Steamboat Springs firefighters Chris Moore, left, and Dave Meissner climb a hillside toward a wildfire along Routt County Road 41 southwest of Steamboat Springs. The fire threatened two homes but was contained Thursday evening.

Photo by Matt Stensland

Steamboat Springs firefighters Chris Moore, left, and Dave Meissner climb a hillside toward a wildfire along Routt County Road 41 southwest of Steamboat Springs. The fire threatened two homes but was contained Thursday evening.

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A Steamboat Springs firefighter cuts through brush Thursday at a wildland fire along Routt County Road 41.

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Steamboat Springs firefighters Chris Moore, left, and Dave Meissner hike through thick shrub oak toward a wildland fire along Routt County Road 41 southwest of Steamboat Springs.

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Steamboat Springs firefighters Devin Borvansky, left, and Dave Meissner dig a control line Thursday afternoon at a wildland fire southwest of Steamboat Springs on private land along Routt County Road 41. The fire was contained by Thursday evening.

— A wildland fire burning in thick oak brush spread to within a couple hundred feet of two homes southwest of Steamboat Springs on Thursday afternoon.

Steamboat Springs Fire Rescue firefighters were dispatched to the one-acre "41" fire at 2:45 p.m. Thursday. The cause of the fire was unknown Thursday evening, but smoldering heat from a recent lightning strike was a possibility.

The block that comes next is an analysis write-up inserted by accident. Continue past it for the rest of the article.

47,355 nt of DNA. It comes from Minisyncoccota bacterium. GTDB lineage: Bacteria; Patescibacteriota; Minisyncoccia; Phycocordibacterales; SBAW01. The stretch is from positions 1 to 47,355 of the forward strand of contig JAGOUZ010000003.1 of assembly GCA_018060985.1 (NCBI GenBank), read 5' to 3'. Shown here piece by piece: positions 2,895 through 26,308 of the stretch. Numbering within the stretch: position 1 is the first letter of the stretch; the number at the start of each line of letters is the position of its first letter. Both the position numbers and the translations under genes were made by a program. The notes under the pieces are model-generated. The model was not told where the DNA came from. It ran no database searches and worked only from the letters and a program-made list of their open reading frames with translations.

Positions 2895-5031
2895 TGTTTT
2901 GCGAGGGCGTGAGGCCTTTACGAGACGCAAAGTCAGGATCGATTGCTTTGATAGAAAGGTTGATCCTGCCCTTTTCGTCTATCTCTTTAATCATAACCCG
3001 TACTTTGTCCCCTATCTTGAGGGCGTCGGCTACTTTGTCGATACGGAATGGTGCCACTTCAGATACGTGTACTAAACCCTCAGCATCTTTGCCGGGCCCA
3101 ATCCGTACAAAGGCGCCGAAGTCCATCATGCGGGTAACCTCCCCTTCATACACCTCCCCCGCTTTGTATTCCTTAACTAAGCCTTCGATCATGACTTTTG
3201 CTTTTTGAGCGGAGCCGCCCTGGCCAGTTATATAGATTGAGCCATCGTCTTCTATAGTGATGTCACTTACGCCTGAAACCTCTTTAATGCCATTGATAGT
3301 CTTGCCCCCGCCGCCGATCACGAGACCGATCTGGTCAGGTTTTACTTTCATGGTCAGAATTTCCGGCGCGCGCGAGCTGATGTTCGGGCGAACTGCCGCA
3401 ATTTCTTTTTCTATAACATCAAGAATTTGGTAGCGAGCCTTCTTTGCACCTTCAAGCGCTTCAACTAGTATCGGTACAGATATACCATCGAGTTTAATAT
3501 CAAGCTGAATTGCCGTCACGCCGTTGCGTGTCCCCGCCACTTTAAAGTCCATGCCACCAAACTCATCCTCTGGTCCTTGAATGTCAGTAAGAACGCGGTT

Aided by steady winds, the fire grew to about 2 acres on a hillside between Routt County Road 41 and Routt County Road 41A, on private land about a quarter mile past the Hilton Gulch Schoolhouse.

In order to reach the fire, firefighters had to use chainsaws to cut through the thick oak brush. The flames were suppressed with water pumped from a Steamboat brush truck parked at the base of the hill on C.R. 41.

Chuck Vale, Routt County's director of emergency management, said firefighters ex-pected to have the fire contained by Thursday evening. Responders eventually included an engine crew from the Bureau of Land Management and the U.S. Forest Service.

The fire's containment was a relief to Hal Chase, whose hilltop home was within a couple hundred feet of the fire.

"I'm very impressed the way they got to it so fast," Chase said of the fire-fighting effort.

The region has seen an unexpectedly quiet wildfire season this summer. Thursday's fire was the biggest so far.

"All of the fire community is relieved that we haven't had a lot of wildfires, but we're still not done (with the season)," Vale said.

With the right weather patterns, the wildfire season could continue through September, he said.

- To reach Matt Stensland, call 871-4247

or e-mail mstensland@steamboatpilot.com

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